Communicating with interface module 230 is inference module 232. Inference module 232 controls the manner by which decision-support module 210 generates solutions to the known or unknown medical conditions of the patient. Stated another way, inference module 232 generates the decision-supported patient data based upon the newly gathered patient data, stored patient data within patient module 220, and the knowledge base contained within knowledge module 226. For example, inference module 232 may use the genetic susceptibilities of the patient to identify the various medical conditions that the patient may be susceptible to in the future and prescribe medical care recommendations to reduce the likelihood of such medical conditions occurring.

Inference module 232, in one embodiment, includes one or more inference engines 233 and an application module 235 to drive the one or more inference engines 233. The one or more inference engines 233 apply the rules and parameters stored in knowledge module 226 to generate the medical diagnosis and the medical care recommendation for the patient. Application module 235, in one embodiment, includes the software modules to cause inference engine 233 to generate such medical diagnosis and medical care recommendations. The functionality and operation of these elements are commonly known by one skilled in the art and need not be discussed further herein. A variety of other modules and components may be included within inference module 232 as known by one skilled in the art in light of the teaching contained herein.

As illustrated, inference module 232 is depicted as being incorporated within decision-support module 210. One skilled in the art may appreciate that inference module 232 may optionally be integrated with medical module 216 by connecting decision-support module 210 directly to medical module 216 by an Internet Inter-Object Request Broker Protocol (IIOP) or remotely by a Remote Method Invocation (RMI). Alternatively, inference module 232 may be incorporated partially or completely within medical module 216 and hence decision-support module 210 is devoid of inference module 232. Additionally, inference module 232 may be incorporated within an application server hosted by decision-support module 210 or may be incorporated within an application server hosted by medical module 216.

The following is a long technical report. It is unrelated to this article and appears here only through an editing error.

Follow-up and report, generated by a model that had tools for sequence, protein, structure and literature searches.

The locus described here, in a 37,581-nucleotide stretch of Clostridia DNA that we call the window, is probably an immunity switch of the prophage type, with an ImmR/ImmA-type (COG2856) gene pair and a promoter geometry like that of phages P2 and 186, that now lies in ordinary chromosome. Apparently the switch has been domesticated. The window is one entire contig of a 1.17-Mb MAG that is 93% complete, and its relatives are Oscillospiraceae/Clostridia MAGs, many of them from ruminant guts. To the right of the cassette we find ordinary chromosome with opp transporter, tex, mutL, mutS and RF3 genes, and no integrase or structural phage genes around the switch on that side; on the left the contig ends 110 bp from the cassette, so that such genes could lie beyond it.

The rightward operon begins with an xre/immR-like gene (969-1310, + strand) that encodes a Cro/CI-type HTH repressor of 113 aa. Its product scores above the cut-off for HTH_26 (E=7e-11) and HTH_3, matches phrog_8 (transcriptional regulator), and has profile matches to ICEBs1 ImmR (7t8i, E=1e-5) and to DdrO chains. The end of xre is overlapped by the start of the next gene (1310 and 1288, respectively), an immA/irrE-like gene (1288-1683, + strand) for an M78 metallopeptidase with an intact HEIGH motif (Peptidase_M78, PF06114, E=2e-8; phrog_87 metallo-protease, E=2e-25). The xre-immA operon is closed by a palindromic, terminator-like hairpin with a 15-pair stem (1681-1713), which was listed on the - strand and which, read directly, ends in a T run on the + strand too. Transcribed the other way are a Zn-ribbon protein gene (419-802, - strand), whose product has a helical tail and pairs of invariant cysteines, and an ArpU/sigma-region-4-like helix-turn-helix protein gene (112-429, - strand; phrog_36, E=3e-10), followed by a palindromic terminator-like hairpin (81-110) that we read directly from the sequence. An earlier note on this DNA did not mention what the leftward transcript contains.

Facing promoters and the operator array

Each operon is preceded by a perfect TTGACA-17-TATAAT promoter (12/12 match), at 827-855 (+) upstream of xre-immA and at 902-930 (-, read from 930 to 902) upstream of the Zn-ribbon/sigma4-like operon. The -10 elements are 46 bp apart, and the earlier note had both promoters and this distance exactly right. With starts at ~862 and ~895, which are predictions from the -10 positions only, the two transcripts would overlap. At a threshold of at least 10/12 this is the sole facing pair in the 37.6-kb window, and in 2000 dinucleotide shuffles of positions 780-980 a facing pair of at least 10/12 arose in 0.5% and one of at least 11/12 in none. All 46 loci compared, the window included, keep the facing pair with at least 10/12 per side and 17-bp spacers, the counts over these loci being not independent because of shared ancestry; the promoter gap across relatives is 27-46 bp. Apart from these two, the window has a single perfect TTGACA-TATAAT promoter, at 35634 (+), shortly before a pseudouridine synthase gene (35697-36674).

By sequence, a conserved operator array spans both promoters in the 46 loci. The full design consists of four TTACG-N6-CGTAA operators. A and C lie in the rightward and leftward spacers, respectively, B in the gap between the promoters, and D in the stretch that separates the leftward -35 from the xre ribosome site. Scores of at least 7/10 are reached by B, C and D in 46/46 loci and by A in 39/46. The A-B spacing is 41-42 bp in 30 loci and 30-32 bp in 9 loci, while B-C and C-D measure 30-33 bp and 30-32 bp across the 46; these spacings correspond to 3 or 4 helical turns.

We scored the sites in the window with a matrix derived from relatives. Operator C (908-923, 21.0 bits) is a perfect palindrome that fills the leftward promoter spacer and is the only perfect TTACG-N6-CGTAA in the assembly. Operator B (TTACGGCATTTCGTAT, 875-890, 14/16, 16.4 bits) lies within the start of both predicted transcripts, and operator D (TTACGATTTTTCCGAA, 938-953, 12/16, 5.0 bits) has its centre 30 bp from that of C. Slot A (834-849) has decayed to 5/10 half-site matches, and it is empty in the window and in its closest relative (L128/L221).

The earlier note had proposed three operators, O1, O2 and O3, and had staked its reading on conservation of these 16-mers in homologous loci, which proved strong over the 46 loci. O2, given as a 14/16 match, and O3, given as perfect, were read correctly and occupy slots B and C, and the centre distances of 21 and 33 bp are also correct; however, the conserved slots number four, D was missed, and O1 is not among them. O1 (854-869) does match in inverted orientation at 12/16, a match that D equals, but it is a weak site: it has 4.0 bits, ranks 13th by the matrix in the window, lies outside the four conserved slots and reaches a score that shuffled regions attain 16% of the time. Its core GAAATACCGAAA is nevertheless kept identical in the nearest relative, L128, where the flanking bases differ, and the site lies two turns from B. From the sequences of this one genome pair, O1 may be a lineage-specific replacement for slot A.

Decision-support module 210, in one embodiment, includes an optional progress note module 236. Progress note module 236 communicates with inference module 232 to receive the decision-supported patient data and subsequently generate a decision-supported progress note. The decision-supported progress note presents the clinician with the decision-supported patient data in a standardized and reproducible configuration so that system 200 minimizes the potential for misdiagnosis of a medical condition or recommended medical treatment based upon the illegibility of a clinician's notes. Furthermore, the decision-supported progress note provides a clinician with a standardized format for collecting additional patient data and a list of recommended follow-up questions, tests, and other medical care to perform during a physical exam or visit with the patient. Optionally, the clinician may modify the particular configuration of the progress note so that the clinician may more effectively give medical care to a patient. Consequently, progress note module 236 may allow a clinician to define how the decision-supported patient data is to be displayed in the decision-supported progress note.

In one setting, a clinician may request that progress note module 236 summarize the decision-supported patient data generated by inference module 232. The summarized decision-supported patient data contains the pertinent information related to the medical condition of the patient in an easily viewed display. For example, if the patient has diabetes, progress note module 236 will generate a decision-supported progress note that summarizes the pertinent medical parameters associated with the patient's diabetes, such as the most recently acquired heart rate, blood pressure, blood sugar level, and the like, while providing warnings or alerts to the clinician. Similarly, when a therapeutic regimen is suggested, progress note module 236 summarizes decision-supported patient data includes drug name and type, dose, route, interval and duration of therapy specific to the patient and the drug, patient demographics, and the like, while providing warnings or alerts to the clinician.

In this manner, progress note module 236 may provide the clinician with the pertinent patient specific decision-supported patient data in a summarized arrangement requested by the clinician. By summarizing the pertinent data, a clinician more capably treats a patient in an efficient manner.